The look and feel of the sheets wasn’t that bad really – you know what teenage girls can be like- however come tax time when bed linen next came on sale two new sheets came home with me and the old ones were relegated to the bottom of the pile.
As you can see, at the moment all those old sheets are destined for a local animal shelter; although I did see The Golfer looking at them and muttering something about needing some new ‘rags’ so maybe, just maybe they’ll end up staying a little while longer.
Thinking about the sheet saga reminded me of other thrifty deeds that didn’t turn out as planned. Like the time i was trying to flesh out a pan of stew with dumplings and we ended up with a very thick gluggy mess when the dumplings disintergrated. Don’t think I’ll live that one down 😟
Honestly if you don’t laugh you’ll end up crying 😊😎
2006 Kiera’s last litter.
3 Lilac females – 1 Blue male – 2 Chocolate males.
Life is always full of little surprises isn’t it ?
Take yesterday- it was about 2pm when I told you about the cold wet miserable day we were having. Well, a bit like the Incy Wincy Spider ryme I used to sing to my babies, just after that the sun came out and dried up all the rain lol.
Not long after that The Golfer received an SMS from the electricity supplier saying the power could be interrupted.
No worries I said to him ‘we have gas, we’ll be alright’ I’d taken a batch cooked casserole out of the freezer in the morning and it was almost defrosted – if it goes off I’ll warm it up on the stove instead of the microwave. We can boil water in a saucepan if needed for hot drinks.
And of course not long after that it happened – yes power was off.
Oh bother I didn’t have time to run the vacuum round the lounge as planned (it had been sitting there waiting patiently since 9am) also no tv or radio – never mind quiet is good. It didn’t really sink in until I went to turn the hot tap on – need it to work the water heater. We coasted through the day wrapped in a blanket – ooh it’s really getting chilly now – oh, need it to work the fan on the gas heater. Getting darker – never mind we have large household candles (somewhere) and big dolphin torches (oops not so bright, oops no spare battery in the drawer.) I’m sure we’ll survive.
Dinner by candlelight……on our blanket covered laps….was lovely.
I’d charged my iPad earlier and had plenty of ‘simple’ knitting – The Golfer (no real life book to read) trying to read a ebook wasn’t too impressed with his level but remembered we had one of those mobile charger thingies (fully charged) so that gave him power and kept him happy. He also remembered some music downloads on his iPad so we also had music – a couple of c/w albums and a Johnny Mathis one. I became very familiar with them all 😊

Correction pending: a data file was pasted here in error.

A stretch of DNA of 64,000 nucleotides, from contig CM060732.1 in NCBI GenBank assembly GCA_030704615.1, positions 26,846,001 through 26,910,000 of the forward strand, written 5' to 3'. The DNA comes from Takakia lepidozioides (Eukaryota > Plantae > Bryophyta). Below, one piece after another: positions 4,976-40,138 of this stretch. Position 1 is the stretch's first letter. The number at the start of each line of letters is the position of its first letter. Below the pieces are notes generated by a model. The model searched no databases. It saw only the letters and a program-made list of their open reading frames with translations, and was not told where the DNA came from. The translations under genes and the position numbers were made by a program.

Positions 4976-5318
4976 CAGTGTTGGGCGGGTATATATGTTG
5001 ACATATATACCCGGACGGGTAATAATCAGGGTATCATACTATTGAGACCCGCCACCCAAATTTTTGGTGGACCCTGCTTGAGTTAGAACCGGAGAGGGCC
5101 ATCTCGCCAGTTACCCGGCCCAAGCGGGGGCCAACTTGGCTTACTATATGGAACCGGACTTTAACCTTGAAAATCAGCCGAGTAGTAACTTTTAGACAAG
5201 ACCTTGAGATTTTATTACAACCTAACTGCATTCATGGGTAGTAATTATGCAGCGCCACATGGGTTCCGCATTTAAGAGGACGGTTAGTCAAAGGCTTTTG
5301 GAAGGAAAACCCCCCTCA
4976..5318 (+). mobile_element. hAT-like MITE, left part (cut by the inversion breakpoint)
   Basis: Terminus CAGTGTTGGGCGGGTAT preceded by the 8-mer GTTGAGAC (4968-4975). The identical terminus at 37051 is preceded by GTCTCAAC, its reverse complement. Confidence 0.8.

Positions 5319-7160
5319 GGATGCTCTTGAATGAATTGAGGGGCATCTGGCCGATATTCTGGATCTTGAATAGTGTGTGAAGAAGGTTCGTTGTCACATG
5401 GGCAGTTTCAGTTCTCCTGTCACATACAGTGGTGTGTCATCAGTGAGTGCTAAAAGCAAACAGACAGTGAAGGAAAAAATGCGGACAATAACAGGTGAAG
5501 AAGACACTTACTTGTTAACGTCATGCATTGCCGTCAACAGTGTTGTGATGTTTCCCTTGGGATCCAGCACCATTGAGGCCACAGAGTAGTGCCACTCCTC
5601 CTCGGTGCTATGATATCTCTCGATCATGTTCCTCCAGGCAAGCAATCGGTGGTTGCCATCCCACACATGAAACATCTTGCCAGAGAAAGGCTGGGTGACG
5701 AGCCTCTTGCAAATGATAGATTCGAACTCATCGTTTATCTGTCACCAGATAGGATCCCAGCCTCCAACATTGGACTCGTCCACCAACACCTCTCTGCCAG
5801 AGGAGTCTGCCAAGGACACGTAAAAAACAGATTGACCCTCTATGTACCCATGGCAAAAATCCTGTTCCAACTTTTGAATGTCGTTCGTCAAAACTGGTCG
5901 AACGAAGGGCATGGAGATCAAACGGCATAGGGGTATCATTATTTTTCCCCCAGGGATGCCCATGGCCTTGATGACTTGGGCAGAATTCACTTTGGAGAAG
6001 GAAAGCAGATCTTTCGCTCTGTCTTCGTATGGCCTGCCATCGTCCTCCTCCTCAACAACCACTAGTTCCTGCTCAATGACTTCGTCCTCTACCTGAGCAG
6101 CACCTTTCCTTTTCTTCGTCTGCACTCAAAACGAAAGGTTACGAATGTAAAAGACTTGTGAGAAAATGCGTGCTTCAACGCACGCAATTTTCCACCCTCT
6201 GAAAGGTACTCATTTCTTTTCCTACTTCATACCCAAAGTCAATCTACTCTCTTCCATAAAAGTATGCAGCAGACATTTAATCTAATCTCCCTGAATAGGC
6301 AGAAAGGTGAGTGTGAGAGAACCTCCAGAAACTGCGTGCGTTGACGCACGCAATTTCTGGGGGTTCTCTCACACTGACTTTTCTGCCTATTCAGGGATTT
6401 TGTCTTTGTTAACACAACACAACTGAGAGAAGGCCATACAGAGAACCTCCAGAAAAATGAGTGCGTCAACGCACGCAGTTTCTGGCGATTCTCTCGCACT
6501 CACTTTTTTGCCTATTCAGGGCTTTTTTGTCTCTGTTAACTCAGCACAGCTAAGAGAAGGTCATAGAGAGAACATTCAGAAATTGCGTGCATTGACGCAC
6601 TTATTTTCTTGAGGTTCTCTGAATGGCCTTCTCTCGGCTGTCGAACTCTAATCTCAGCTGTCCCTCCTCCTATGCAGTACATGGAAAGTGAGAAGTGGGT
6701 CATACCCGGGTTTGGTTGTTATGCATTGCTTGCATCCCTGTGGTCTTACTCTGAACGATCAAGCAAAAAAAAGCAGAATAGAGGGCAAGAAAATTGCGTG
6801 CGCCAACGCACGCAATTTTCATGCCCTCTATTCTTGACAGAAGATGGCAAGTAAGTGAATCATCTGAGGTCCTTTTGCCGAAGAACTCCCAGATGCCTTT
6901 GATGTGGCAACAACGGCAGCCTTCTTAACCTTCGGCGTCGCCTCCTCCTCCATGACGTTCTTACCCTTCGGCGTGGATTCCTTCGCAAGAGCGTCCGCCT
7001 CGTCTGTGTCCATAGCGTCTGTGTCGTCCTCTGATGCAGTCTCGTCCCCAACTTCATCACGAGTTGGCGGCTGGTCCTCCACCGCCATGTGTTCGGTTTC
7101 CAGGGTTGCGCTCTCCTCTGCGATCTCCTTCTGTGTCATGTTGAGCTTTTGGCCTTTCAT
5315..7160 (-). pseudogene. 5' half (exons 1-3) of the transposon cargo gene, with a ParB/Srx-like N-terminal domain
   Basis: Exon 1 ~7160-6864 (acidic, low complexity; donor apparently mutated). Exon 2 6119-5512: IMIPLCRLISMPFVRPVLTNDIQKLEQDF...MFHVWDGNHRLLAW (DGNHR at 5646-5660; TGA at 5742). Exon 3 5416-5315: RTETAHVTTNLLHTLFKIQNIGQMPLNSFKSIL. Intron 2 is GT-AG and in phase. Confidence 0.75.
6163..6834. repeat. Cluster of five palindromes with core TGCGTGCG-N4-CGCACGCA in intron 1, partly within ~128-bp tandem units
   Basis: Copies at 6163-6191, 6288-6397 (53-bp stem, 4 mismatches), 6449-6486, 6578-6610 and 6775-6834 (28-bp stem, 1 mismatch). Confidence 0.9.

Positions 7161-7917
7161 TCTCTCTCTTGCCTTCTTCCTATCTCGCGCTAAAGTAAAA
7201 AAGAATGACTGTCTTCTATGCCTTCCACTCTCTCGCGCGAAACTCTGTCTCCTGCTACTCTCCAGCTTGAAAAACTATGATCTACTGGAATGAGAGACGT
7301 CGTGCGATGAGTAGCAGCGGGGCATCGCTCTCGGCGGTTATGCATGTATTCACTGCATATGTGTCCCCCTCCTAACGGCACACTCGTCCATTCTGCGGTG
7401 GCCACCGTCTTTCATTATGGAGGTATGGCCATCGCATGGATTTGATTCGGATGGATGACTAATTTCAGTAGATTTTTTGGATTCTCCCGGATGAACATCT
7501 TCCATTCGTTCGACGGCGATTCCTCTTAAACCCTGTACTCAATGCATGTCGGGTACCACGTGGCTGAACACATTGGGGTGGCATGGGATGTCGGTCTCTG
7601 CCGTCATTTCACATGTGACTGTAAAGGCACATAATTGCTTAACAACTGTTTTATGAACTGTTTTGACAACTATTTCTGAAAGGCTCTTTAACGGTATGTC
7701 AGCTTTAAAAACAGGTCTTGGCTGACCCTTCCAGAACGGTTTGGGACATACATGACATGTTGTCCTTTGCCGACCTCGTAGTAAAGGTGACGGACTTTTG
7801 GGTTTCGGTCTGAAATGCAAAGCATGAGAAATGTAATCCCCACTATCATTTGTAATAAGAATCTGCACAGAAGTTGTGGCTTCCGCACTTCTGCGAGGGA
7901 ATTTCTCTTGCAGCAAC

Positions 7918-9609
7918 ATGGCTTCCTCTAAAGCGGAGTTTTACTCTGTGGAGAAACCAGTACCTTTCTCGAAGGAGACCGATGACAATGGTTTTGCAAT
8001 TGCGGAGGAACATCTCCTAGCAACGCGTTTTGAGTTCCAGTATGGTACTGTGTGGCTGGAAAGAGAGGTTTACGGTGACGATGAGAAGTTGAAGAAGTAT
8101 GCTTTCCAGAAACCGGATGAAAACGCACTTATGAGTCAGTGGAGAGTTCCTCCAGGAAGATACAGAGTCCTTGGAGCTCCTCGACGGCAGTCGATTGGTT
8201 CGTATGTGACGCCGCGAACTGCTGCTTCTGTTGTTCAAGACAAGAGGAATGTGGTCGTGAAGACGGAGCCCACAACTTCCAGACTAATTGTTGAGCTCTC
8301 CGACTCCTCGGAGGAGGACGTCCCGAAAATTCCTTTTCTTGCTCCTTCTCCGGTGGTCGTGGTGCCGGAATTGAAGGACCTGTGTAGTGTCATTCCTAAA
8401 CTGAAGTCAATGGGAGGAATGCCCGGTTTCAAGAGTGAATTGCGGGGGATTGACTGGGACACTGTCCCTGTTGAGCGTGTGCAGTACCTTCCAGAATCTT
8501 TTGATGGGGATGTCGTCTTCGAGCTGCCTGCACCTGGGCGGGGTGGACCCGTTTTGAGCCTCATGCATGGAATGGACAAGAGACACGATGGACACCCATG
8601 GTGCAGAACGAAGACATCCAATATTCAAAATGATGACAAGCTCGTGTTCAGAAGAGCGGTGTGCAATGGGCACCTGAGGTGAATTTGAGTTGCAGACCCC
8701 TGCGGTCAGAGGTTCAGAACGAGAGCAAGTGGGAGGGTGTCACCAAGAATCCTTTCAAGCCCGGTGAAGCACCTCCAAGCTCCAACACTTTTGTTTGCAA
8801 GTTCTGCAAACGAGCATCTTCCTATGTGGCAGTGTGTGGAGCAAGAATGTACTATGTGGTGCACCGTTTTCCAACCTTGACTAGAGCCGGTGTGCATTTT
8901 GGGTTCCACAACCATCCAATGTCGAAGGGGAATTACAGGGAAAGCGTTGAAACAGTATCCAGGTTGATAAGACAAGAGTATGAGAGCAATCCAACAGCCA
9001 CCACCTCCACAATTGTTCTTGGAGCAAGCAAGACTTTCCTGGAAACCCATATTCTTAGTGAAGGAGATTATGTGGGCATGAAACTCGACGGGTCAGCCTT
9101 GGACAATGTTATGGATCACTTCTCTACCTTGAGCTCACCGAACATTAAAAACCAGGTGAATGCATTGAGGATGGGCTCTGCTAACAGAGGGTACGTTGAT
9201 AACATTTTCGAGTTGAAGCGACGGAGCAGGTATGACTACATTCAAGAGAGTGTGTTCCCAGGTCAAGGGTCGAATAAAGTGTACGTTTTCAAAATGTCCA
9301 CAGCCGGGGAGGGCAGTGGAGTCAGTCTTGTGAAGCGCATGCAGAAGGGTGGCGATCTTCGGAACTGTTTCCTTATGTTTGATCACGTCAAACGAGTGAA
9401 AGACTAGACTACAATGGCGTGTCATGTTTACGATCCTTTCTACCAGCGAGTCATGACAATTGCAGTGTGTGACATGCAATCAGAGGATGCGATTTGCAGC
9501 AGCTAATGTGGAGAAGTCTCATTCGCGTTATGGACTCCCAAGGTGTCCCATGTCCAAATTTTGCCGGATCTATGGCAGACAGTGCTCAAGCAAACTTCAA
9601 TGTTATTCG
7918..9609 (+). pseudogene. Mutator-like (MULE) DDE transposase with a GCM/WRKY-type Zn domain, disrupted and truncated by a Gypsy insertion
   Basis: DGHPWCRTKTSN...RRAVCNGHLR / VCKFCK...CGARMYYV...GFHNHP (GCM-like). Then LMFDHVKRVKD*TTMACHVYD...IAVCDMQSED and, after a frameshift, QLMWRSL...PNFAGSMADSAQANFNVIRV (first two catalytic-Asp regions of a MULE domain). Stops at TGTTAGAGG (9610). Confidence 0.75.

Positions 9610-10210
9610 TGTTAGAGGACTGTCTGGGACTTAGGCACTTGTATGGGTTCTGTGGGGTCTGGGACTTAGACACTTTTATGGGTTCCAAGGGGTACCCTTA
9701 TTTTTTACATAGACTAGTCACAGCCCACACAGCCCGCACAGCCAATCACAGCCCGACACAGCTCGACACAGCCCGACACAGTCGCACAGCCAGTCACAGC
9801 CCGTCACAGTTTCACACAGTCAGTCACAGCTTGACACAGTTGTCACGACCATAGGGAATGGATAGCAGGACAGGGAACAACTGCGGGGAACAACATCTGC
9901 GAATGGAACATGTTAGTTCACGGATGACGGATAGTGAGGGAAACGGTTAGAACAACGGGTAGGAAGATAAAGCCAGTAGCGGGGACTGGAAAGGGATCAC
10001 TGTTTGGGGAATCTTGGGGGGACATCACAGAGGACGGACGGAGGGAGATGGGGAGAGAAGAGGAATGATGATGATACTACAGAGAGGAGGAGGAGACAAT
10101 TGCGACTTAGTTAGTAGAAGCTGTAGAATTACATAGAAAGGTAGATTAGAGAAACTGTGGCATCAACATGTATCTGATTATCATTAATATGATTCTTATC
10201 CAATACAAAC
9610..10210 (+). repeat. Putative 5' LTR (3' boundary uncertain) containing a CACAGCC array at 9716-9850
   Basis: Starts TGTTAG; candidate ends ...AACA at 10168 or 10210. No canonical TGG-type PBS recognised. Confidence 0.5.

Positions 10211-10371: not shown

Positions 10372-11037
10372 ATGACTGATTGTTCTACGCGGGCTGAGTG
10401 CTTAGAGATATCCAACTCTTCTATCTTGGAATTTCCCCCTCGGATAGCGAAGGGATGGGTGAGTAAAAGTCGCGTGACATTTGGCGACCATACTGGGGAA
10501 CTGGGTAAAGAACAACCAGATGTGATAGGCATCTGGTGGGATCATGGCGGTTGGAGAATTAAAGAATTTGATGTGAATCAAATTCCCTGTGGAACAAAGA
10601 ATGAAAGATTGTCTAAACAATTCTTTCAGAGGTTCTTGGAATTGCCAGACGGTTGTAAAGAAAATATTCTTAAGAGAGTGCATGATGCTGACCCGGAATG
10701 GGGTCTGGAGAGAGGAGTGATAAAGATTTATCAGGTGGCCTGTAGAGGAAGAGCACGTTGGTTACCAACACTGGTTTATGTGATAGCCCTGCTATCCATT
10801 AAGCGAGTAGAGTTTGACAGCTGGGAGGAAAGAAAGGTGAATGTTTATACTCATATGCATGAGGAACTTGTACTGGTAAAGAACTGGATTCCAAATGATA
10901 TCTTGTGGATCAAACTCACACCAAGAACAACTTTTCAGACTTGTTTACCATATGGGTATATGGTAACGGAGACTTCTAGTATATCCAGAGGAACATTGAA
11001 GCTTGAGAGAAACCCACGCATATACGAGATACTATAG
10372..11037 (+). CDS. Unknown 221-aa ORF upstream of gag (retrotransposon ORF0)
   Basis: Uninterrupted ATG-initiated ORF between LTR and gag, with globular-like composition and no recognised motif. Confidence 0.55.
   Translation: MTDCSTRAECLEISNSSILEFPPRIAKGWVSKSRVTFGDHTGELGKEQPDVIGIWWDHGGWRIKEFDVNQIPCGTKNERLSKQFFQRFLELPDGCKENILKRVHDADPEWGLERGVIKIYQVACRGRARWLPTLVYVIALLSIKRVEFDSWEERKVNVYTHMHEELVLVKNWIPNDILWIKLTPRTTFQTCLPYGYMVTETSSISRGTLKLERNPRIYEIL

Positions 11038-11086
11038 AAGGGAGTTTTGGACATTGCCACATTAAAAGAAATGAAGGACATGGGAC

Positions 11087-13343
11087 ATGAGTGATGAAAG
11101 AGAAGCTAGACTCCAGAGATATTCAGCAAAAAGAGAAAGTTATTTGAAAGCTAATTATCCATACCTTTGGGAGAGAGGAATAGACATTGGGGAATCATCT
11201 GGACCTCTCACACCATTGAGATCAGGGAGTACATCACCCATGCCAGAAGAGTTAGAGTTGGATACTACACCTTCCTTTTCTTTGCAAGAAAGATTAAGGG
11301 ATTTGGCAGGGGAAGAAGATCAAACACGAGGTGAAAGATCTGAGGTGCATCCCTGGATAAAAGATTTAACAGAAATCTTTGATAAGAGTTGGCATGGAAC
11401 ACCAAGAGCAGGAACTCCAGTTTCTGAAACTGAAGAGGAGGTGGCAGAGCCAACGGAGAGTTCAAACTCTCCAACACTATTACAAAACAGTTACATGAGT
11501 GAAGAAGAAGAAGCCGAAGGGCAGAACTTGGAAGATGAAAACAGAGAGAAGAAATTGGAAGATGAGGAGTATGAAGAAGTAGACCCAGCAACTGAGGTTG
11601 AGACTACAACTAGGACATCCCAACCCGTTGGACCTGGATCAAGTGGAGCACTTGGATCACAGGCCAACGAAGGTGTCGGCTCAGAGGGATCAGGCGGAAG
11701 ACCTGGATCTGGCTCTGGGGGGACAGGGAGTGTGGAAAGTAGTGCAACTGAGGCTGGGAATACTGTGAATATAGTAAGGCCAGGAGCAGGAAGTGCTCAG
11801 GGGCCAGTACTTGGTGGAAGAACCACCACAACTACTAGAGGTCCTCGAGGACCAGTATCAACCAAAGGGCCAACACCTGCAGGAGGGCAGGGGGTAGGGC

About 8pm in the pouring rain I nipped up to the nearby Woolies (thank goodness for our long trading hours) for more candles – they were burning down at an alarming rate – plus another dolphin battery. Nothing worse than sitting in a dark loo with the light from the torch getting dimmer by the seconds lol
Driving back I could see linesmen working in one of the streets across the main road, up on their cherrypickers, illuminated by those bright mobile lights they use. If the road hadn’t been blocked off (with a diversion for local traffic) I’d have gone that way and Asked a few questions but thought it prudent to stay dry and leave well enough for alone lol
It wasn’t until much later……well after 9.30pm……that the power came back on. It wasn’t too bad in the end. Yes we were inconvenienced but in reality we were safe, dry and relatively warm however I’m not sure how I could have coped for more than a day though.
The scene this morning as I was clearing up after our little candlelight event
Each time we have a power cut and I use those ‘u shaped candlesticks’ I smile and remember the two young boys who made them all those years ago in their metal work classes at the tech college
Both of my sisters live in different countries to me – I am here in Australia……next sister is in England…..and baby sister is in Cyprus. The phone lines run expensively hot some days but there are also times when a quick question needs just a quick answer and a text/ sms is all that’s needed. Well that’s the idea. Sometimes answers provoke more questions and long forgotten thoughts and ideas come pouring out that might not have done so if we’d been on the phone.
Take the other day.
I was having one of those silly can’t settle nights…..finding it hard to drift off to sleep again after a midnight trip to the loo ……thinking about some knitting I had on the go, and as happens my mind wandered, this time to ‘when did I learn to knit’ I don’t remember a time when I couldn’t knit but have no memory of being taught. I must have been shown the basics some time- was it from mum or school? No, not Mum because even though she was a good knitter she didn’t have the patience to teach. If the truth be told she didn’t have much patience with me – full stop!